Author and Educator
Although it is not an American dish by origin, cassoulet has become a familiar part of our cuisine largely through its frequent appearance on the menus of French restaurants. One of the reasons it appeals so much to Americans is that we have a natural fondness for the bean. Another is that it is highly seasoned and hearty. Then, too, it lends itself to our favorite way of entertaining—the buffet.
- 3 pounds white beans
- Water as needed
- 3 pounds pork shoulder, in one piece
- 3 pounds lamb shoulder, in one piece
- Red wine as needed
- Salt and freshly ground pepper to taste
- 1 onion, stuck with cloves
- 2 carrot, peeled and chopped
- Bouquet garni (garlic, celery, bay leaf, thyme, parsley, tied together in a piece of cheese-cloth)
- 1 pig's foot, split
- 1/2 pound lean salt pork
- 1 large or 2 small garlic sausages, such as kielbasy, cotechino, or whatever regional sausage is available
- 4 medium onion, finely chopped
- 2 cloves garlic, finely chopped
- 2 tablespoons tomato paste
- Bread crumbs as needed
- Lard or goose fat as needed
- Chopped parsley as needed
Preheat oven to 325ºF.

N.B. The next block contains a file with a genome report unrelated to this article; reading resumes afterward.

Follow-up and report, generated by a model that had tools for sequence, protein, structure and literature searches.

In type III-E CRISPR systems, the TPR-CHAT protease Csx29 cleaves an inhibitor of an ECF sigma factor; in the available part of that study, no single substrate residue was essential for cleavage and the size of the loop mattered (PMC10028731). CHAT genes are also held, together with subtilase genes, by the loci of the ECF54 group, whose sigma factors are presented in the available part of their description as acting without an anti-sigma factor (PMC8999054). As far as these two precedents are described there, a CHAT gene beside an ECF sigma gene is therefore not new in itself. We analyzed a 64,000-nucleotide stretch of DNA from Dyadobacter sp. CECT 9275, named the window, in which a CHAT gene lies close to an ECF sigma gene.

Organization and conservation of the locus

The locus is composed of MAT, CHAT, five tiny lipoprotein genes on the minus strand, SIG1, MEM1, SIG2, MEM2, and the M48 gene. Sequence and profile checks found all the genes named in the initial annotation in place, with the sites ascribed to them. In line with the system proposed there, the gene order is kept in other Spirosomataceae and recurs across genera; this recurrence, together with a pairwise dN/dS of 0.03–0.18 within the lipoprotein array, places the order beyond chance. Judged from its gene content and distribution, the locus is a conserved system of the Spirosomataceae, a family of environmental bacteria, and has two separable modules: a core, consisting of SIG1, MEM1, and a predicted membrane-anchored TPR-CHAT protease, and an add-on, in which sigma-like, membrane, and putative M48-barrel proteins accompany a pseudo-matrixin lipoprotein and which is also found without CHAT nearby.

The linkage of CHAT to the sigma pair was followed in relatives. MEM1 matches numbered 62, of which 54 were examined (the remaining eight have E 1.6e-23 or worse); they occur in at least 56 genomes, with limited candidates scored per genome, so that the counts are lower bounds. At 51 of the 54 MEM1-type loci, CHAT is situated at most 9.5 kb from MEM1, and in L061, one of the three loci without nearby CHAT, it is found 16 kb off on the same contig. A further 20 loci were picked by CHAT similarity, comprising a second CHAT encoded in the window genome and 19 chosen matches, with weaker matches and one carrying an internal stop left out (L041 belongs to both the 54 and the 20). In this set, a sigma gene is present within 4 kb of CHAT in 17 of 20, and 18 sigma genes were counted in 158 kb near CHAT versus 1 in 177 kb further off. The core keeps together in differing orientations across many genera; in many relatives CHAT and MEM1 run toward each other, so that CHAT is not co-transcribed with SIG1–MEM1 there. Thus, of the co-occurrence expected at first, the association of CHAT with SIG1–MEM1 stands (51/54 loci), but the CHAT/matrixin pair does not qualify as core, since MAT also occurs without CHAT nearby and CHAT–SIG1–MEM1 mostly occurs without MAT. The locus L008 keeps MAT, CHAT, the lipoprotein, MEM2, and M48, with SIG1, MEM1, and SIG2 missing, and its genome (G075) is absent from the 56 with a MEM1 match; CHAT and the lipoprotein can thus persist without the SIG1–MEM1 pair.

Cover the beans well with cold water. Bring to a boil, boil 2 minutes, and then let them rest 1 hour.
Put the pork and lamb roasts on a rack and roast for 1 1/2 hours, basting occasionally with a little red wine and the pan juices. Salt and pepper well. When done, allow to cool, reserving the pan juices.
Add the onion stuck with cloves and the carrots, bouquet garni, and pig's foot to the beans and simmer until the beans are about half cooked. Add the salt pork. Put the sausages to poach in water until they are cooked through. Sauté the onions and garlic in butter until just soft.
When the pork and lamb are cool enough to handle, cut them into 1 1/2-inch cubes. Slice the sausages. Drain the beans and reserve the liquid. Taste the beans for seasoning and add salt, pepper, and additional thyme if needed. Remove the meat from the pig’s foot and cut into pieces. Dice the salt pork.
You will need about a 4-quart casserole or baking dish for the cassoulet. Arrange a layer of beans at the bottom, then some of the various meats, and the onions and garlic. Continue with layers of beans, meats, and seasonings, and end with a layer of beans.
Blend the tomato paste with the bean liquid and spoon over the beans until it reaches three-quarters of the way to the top. Cover the top with breadcrumbs and dot with lard or goose fat. Bake for 1 1/2 hours, or until beautifully browned and bubbly and most of the liquid has cooked away. Sprinkle with chopped parsley and serve with a good salad and crusty bread.
Traditionally this dish is served in the middle of the day, since it requires some hours for digestion. So if you are serving it for an evening meal, see that there is to be some activity after dinner. Heavy red wine should accompany the cassoulet.